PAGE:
The year 2023 did not start as expected: China suddenly dropped all COVID restrictions, boosting sentiment in the global jet market, while diesel prices fell despite the ban on Russian oil product imports into the EU from 5 February. As a result, European jet fuel cracks jumped above diesel, but the spread narrowed by the end of February and the two products are now neck and neck, raising the question of which one will be maximised by refiners, thus tightening the supply of the other in the coming months.In this episode of the Platts Oil Markets Podcast, S&P Global Commodity Insights experts Maxim Kotenev and Gary Clark join Francesco Di Salvo to discuss the outlook for the jet fuel market, its potential impact on other middle distillates and whether a recession is likely to prevent aviation from fully recovering from the pandemic.Related price symbols: Diesel: CIF ARA 10ppm ULSD cargoes #AAVBG00 Jet fuel: CIF NWE jet fuel cargoes #PJAAU00More listening options:
The Russia-Ukraine war has dominated the attention of global commodity markets for nearly a year now. As the start date for the latest EU sanctions against Russian refined products approaches, questions about what these sanctions could mean for trade flows also grow. And while these questions often center on potential changes in US and European markets, the global impact of sanctions could also extend to other regions, such as Latin America. S&P Global Commodity Insights' Americas oil experts Anna TrierJeff Mower and Maria Jimenez Moya dive into the impacts seen from the Dec. 5 sanctions against Russian seaborne crude, and what we could expect to see in US, Europe, and Latin America markets after the Feb. 5 sanctions go into effect.Register for the Platts London Energy Forum hereMore listening options:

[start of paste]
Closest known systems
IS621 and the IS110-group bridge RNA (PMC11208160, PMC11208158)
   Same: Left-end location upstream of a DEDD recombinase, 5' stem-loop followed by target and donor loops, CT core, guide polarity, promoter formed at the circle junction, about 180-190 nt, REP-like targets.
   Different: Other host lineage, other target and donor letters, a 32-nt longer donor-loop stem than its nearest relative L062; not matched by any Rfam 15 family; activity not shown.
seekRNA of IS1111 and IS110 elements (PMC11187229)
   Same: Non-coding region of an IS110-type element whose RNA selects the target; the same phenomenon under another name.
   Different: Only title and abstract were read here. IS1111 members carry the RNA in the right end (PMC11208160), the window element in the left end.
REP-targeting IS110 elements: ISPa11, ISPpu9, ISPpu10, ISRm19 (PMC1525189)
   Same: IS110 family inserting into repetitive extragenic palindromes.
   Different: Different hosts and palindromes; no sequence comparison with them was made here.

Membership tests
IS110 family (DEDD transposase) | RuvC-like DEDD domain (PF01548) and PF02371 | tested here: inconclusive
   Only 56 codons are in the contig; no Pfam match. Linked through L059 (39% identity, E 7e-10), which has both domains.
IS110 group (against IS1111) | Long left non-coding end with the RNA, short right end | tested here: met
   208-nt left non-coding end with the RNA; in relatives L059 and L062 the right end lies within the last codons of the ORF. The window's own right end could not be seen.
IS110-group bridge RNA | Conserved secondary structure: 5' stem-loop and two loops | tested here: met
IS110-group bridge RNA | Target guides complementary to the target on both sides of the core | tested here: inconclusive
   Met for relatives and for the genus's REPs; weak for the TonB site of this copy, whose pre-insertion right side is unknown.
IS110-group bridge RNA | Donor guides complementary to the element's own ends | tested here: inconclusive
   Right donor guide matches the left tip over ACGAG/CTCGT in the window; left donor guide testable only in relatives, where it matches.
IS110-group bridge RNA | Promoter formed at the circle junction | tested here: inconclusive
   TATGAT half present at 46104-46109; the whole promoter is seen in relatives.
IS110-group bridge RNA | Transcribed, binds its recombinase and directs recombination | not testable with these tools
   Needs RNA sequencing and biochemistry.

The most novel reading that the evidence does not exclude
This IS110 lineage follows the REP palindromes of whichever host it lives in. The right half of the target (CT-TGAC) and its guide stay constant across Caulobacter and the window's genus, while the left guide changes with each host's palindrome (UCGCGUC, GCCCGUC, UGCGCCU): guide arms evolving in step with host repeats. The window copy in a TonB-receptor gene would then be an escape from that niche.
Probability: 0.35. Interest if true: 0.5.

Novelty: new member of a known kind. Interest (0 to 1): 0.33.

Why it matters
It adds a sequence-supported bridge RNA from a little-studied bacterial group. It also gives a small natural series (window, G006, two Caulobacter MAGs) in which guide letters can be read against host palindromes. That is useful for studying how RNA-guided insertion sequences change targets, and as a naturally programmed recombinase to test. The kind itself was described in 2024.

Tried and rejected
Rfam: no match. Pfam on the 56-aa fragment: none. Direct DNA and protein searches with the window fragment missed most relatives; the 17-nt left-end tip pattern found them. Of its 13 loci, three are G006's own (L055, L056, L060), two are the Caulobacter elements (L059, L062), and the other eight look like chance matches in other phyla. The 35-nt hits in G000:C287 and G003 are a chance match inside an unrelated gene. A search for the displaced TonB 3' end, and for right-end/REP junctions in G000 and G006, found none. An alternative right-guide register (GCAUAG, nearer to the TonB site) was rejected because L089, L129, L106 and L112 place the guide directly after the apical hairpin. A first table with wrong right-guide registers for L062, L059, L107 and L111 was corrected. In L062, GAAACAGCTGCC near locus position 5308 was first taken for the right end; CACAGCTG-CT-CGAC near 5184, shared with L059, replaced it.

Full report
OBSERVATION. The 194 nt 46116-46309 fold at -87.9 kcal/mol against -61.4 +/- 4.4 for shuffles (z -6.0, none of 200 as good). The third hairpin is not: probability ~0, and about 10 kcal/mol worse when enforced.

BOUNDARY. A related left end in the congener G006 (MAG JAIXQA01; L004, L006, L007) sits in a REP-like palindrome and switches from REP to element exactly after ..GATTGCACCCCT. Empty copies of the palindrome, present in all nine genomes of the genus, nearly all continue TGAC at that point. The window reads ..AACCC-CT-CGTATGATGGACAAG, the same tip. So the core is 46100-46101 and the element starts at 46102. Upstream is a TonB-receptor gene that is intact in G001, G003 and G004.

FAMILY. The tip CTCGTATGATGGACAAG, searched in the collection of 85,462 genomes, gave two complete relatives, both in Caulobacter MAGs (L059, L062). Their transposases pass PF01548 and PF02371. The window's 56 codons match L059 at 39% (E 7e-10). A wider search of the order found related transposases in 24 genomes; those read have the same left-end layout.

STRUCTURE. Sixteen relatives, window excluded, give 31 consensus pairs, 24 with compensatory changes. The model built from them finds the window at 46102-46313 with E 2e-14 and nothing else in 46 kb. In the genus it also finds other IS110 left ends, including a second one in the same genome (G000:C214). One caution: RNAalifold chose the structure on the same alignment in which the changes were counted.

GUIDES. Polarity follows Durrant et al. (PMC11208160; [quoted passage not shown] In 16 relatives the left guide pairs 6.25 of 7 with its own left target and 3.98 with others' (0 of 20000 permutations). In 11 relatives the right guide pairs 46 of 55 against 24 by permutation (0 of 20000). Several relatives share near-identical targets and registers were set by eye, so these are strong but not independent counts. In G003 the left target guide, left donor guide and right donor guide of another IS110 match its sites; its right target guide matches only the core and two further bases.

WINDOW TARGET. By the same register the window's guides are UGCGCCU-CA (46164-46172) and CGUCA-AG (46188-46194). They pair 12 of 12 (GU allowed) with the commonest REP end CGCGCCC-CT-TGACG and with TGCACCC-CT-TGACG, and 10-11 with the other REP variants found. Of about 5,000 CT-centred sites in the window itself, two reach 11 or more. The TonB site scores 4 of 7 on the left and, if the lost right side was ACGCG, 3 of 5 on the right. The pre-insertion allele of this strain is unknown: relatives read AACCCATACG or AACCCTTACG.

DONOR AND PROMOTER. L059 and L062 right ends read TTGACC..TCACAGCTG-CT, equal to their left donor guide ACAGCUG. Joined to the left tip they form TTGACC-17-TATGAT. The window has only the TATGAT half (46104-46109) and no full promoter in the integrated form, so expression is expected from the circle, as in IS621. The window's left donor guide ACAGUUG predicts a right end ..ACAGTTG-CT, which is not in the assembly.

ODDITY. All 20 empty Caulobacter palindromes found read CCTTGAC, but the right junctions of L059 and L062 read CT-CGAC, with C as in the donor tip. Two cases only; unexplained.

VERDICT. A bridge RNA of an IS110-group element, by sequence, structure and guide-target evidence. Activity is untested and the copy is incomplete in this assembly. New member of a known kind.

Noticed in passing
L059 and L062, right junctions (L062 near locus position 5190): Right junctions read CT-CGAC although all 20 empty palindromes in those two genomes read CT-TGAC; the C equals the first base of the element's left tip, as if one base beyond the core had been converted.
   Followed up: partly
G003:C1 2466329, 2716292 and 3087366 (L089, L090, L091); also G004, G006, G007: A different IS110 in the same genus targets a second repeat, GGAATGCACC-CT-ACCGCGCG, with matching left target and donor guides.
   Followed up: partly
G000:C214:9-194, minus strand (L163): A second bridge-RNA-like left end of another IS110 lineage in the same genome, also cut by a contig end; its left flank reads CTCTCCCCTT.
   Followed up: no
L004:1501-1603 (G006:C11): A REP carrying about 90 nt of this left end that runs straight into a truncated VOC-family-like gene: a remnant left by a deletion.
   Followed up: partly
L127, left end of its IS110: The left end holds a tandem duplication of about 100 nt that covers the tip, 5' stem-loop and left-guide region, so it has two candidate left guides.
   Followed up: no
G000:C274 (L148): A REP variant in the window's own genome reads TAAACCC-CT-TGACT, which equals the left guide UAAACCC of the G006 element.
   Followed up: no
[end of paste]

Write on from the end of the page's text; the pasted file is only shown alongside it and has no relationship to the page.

What will replace Russian diesel and naphtha flows to Europe after EU sanctions take effect on 5 February? Where will Russian supply go instead?In this episode of the Platts Oil Markets Podcast, S&P Global Commodity Insights editors Rowan Staden-Coats and Vinicius Maffei join Joel Hanley to discuss the expected impact of the upcoming sanctions, what uncertainties remain about replacement supply and whether Russian production will have to be cut after 5 February, and what impact this could have on global supply and prices.Related price symbols: CIF ARA 10ppm ULSD cargoes #AAVBG00 CIF NEW naphtha cargoes #PAAAL00More listening options:
Price regulation plays an important political and economic role in emerging countries, and Latin American countries this year have faced oil price volatility that has forced them to look for buffer alternatives. News experts Jeff Mower and Sheky Espejo sat down with pricing experts Maria Jimenez and Sarah Hernandez to discuss how price regulation has been applied in Colombia, Brazil and Mexico and how that has affected domestic and export refined products markets.Also check out:Platts Capitol Crude podcast More listening options:
The US Environmental Protection Agency has pitched raising the amount of renewable fuel that US refiners must mix with gasoline and diesel over the next three years. Ethanol producers generally applauded the agency's latest proposal for the Renewable Fuel Standard program, but the biodiesel sector was dismayed and accused the EPA of lowballing the renewable volume obligations for biomass-based diesel, undermining biodiesel and renewable diesel's growth potential.Kurt Kovarik, vice president of federal affairs at Clean Fuels Alliance America, which represents the biodiesel, renewable diesel and sustainable aviation fuel industries, joined the podcast to share his thoughts on the EPA's proposed RFS rule, its potential impacts on clean fuel projects in the pipeline and the likelihood that the EPA will, in his words, "course-correct," in the final rule due in June.Stick around after the interview for Starr Spencer with the Market Minute, a look at near-term oil market drivers.Related content:US EPA proposes higher biofuel blending mandates for next three yearsGroup urges US EPA to pursue ‘aggressive growth' in biodiesel as mulls new RFS mandatesMore listening options: